—The noble Earl is wrong if he supposes that either I or any other of her Majesty's present Administration are indifferent to the commercial interests of the country, or have not paid proper attention to the topic to which he had alluded, and the consequences necessarily resulting from it. The occupation of the French is, and always was intended to be, temporary, and was originally instituted for the purpose of protecting all the inhabitants of the place—British and otherwise—who would have been exposed to the utmost inconvenience and cruelties but for this proceeding. I admit that some injury is done by the blockade to British commerce. I feel quite as strongly as the noble Earl does, or as any noble Lord can, than such injury is great, though it is perhaps unavoidable. No opportunity has been lost by the Administration of expressing to the French Government our solicitude and anxiety upon the subject, and I have done my best offices to put a stop to these hostilities. I did not, in answer to the question put to me the other 575 night by the noble Viscount, and will not express a hope, for I do not believe that a speedy termination can possibly be given to this dispute, and I will never excite hopes which there is not a probability will be fulfilled. The House and the country would only be disappointed if the termination were longer than they expected, and only increased regret will be caused by the expression of too sanguine a hope. The noble Lord says that the blockade is unjustifiable, and that it ought only to be a belligerent proceeding. It is to all intents and purposes a declaration of war, and the nation against whom it is directed might treat it as such it' they chose. But it was entirely in the discretion of that nation, and, if it do not adopt that course, it must be left to do as it likes. All the inconvenience and evil to which we are exposed, I trust will be brought to a speedy termination.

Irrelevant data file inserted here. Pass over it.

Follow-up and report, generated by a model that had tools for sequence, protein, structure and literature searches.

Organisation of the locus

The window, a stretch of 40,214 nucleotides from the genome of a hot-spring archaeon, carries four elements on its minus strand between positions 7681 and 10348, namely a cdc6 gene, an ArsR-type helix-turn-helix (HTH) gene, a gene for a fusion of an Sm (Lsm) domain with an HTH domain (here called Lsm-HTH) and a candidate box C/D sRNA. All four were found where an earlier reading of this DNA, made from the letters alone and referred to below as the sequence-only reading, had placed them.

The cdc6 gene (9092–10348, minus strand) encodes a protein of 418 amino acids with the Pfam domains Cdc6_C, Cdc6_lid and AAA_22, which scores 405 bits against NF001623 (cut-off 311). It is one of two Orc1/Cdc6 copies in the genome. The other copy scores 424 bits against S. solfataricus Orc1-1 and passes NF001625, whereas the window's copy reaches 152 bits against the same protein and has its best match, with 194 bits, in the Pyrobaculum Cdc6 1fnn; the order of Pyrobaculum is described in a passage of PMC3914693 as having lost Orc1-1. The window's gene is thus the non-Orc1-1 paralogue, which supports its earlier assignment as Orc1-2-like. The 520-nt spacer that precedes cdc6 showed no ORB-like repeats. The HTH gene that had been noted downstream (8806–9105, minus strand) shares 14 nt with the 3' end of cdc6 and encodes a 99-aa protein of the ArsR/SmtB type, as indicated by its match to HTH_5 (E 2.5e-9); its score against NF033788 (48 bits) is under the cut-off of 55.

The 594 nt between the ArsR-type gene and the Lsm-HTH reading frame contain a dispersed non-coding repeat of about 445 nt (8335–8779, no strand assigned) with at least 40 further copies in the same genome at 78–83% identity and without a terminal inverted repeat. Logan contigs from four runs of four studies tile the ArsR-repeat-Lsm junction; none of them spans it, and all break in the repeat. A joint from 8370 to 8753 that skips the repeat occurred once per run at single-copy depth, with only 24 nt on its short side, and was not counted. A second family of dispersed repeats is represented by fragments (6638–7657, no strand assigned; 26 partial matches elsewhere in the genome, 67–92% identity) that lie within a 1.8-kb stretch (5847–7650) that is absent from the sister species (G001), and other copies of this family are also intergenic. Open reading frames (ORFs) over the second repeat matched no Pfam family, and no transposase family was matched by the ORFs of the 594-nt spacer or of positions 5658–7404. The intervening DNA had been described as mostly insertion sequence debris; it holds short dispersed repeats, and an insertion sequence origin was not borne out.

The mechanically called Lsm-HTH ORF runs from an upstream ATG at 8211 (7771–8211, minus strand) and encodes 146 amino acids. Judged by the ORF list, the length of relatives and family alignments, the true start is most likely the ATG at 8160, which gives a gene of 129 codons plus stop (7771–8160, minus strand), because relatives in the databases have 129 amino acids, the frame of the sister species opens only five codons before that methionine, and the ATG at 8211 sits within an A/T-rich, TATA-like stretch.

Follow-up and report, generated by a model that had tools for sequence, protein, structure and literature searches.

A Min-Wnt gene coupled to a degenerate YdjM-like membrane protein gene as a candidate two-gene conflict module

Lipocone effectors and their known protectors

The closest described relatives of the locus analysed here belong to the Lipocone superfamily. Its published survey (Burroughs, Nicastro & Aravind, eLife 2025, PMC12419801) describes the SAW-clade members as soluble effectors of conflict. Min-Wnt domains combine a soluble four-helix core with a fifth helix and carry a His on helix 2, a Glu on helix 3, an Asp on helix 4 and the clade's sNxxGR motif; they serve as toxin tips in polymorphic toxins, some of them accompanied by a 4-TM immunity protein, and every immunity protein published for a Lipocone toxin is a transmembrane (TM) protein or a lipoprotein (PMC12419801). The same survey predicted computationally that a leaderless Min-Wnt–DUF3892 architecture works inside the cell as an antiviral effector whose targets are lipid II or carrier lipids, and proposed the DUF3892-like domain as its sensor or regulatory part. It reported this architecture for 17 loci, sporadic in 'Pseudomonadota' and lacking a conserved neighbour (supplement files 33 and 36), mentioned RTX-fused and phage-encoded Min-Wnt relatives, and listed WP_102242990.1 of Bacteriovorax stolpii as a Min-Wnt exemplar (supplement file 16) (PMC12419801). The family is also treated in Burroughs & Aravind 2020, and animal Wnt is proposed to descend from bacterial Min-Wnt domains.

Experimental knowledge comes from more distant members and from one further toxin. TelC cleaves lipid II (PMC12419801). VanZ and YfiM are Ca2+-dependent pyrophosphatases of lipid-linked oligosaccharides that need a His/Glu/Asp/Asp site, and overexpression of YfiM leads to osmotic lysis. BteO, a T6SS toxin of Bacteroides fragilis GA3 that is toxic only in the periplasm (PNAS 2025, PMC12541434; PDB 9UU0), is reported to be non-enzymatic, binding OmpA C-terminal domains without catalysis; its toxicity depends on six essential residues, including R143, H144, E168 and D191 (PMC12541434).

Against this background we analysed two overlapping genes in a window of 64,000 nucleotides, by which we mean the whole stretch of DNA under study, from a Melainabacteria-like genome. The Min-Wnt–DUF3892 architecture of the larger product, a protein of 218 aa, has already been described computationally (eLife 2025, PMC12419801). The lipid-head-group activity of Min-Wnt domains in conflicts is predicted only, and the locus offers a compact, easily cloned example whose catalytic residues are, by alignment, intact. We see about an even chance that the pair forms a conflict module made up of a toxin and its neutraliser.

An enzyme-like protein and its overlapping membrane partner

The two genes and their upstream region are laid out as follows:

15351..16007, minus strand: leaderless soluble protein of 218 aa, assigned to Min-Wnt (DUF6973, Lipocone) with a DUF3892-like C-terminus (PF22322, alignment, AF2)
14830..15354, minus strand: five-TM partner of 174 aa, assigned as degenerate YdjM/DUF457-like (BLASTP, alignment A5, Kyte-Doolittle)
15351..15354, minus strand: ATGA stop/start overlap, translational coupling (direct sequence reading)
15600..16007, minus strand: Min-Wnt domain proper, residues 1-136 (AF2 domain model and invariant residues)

§ Lord Colchester
pointed out the advantages resulting to Great Britain from the continuance and preservation of our commerce with Buenos Ayres. From the position of different ports, and our intercourse with the inhabitants, the injury done to our merchants by the existing blockade was very great. Our commerce with the province was most extensive, and our interests were receiving the most serious injury. He trusted that her Majesty's Government would do all in their power to remedy so great an evil.